American Civil War Essay

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American Civil War – Gowtham Venkatachalam The American Civil War, widely known in the United States as simply the Civil War was a civil war fought from 1861 to 1865 to determine the survival of the Union or independence for the Confederacy. The American civil war was the bloodiest war in American history which wiped out 3% of the USA’s population. The civil war was an unintended, but fortunate war that granted some of the freedoms that the United States has come to symbolize. (World to text intro. Use something like the great fire in Chicago was unintended, but gave Chicago a blank slate from which it has become the best architectural city in the US with so many skyscrapers. Similarly, the Civil War, although bloody, gave Americans many privileges …show more content…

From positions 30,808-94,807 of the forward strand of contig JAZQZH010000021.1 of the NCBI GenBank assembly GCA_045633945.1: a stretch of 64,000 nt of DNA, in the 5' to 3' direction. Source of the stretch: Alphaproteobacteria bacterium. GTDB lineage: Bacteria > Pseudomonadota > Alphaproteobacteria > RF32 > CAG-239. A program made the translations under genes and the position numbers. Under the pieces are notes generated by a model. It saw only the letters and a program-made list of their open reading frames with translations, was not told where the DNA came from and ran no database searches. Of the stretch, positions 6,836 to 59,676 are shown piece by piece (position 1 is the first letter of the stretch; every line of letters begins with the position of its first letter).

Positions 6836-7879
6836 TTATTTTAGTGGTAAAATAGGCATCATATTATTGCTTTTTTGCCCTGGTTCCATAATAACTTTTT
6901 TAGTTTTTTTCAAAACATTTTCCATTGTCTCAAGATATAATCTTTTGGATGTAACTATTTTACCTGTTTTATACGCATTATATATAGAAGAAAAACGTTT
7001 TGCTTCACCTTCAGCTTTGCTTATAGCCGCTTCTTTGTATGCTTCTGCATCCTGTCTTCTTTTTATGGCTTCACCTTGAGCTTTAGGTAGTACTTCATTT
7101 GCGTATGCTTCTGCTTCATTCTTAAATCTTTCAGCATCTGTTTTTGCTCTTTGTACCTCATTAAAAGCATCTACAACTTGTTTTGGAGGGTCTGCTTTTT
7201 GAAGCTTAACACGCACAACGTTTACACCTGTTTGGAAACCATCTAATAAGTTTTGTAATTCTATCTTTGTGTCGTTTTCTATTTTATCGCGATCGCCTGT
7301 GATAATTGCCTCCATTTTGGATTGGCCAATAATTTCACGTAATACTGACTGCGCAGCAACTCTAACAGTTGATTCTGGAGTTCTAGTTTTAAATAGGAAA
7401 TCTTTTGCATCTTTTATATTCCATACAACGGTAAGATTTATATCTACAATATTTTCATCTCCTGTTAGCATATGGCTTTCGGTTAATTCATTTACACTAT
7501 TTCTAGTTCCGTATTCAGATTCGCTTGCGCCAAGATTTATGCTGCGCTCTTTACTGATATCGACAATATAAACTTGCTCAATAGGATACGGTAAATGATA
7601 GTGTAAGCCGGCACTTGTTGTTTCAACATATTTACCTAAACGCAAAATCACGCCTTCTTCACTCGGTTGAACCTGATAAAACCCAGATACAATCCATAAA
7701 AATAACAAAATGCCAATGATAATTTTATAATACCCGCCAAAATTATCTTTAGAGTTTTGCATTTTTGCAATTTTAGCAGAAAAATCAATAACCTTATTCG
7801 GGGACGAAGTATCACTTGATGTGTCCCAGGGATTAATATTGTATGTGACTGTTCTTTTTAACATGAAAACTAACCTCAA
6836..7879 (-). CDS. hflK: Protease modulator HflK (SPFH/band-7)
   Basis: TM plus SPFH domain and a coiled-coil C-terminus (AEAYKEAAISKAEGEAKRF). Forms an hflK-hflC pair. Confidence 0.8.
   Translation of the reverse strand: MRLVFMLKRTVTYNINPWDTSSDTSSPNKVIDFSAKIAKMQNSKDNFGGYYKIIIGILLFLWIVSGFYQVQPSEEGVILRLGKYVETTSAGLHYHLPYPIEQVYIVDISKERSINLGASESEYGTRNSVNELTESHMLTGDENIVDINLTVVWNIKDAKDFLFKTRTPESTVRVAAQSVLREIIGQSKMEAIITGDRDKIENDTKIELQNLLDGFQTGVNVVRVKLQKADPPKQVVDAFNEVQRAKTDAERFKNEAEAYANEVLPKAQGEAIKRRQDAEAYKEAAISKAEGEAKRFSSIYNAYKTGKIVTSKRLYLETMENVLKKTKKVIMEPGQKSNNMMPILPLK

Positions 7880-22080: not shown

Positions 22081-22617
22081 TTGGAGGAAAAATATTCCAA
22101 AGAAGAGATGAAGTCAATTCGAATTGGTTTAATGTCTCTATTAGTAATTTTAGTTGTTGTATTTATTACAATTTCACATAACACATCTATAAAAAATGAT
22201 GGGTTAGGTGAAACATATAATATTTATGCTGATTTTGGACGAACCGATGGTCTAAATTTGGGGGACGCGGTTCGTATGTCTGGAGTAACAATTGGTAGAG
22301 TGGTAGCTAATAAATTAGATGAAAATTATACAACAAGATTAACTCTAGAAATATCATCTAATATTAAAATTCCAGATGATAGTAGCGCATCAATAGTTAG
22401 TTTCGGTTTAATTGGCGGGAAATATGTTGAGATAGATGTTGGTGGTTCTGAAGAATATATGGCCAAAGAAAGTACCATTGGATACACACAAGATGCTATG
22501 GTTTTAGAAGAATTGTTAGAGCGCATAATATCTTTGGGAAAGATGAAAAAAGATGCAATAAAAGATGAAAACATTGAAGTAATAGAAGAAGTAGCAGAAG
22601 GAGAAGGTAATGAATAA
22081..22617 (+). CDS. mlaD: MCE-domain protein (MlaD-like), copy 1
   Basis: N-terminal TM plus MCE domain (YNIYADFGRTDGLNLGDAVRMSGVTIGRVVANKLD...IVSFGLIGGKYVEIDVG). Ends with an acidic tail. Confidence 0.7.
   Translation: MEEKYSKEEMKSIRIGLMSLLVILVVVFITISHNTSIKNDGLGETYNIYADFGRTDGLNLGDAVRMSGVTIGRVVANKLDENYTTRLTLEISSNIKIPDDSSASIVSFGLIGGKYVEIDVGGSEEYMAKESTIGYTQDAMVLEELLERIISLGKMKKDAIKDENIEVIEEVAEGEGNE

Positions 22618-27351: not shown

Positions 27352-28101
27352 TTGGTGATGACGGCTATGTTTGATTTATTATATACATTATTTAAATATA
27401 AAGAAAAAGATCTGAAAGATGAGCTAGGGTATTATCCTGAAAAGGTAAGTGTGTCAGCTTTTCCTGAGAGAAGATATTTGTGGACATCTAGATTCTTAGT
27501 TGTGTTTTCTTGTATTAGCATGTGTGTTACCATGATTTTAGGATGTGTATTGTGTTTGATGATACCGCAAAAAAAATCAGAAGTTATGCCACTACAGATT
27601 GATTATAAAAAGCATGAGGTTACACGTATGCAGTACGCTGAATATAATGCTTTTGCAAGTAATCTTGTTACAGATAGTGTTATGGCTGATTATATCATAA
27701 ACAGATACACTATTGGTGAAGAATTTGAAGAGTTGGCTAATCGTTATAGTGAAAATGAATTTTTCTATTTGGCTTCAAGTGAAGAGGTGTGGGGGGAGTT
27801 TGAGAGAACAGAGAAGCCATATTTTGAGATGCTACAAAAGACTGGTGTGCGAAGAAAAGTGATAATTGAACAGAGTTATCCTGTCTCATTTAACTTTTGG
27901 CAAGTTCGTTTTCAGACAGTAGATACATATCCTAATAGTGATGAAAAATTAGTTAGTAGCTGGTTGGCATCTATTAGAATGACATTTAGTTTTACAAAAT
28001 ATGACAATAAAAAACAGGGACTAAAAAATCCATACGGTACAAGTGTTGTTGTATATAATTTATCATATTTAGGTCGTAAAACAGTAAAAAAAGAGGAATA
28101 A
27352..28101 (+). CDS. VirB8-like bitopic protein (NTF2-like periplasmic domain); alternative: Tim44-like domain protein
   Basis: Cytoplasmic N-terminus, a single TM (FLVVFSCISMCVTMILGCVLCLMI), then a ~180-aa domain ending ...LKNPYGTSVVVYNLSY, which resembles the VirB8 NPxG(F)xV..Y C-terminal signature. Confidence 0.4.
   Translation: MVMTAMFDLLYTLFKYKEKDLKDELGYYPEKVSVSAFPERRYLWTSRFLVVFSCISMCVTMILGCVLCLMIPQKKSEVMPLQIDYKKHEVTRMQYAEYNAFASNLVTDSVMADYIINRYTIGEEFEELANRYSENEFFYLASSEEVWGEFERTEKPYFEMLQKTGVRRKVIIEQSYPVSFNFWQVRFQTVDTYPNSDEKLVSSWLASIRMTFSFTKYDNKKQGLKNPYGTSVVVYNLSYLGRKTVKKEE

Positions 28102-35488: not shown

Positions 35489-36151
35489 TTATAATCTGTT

From the anti-slavery perspective, the issue was primarily about whether the system of slavery was an anachronistic evil. The strategy of the anti-slavery forces was containment — to stop the expansion and put slavery on a path to gradual extinction. The slave-holding interests in the South denounced this strategy as infringing upon their Constitutional rights. Slavery was illegal in the North which robbed off on the Border States and in Southern cities, but was expanding in the highly profitable cotton districts of the South and Southwest. During the Pre-Civil war era, most Americans agreed that states had certain rights, however, they did not agree as to whether or not those rights carried over when a citizen left the boundaries of the state. The Southern position was that citizens of every state had the right to take their property, specifically slaves, anywhere and they would remain slaves. Northerners rejected this "right" because it was against the law and as the Northern States were “free” states. Southern leaders feared that Lincoln would stop the expansion of slavery and put it bring it to extinction. The slave states had already become a minority in the House of Representatives, and seemed like they were going to be a minority in the Senate and Electoral College against an increasingly powerful North. Right before Lincoln took office in March 1861, seven slave states had declared their secession and joined to form the

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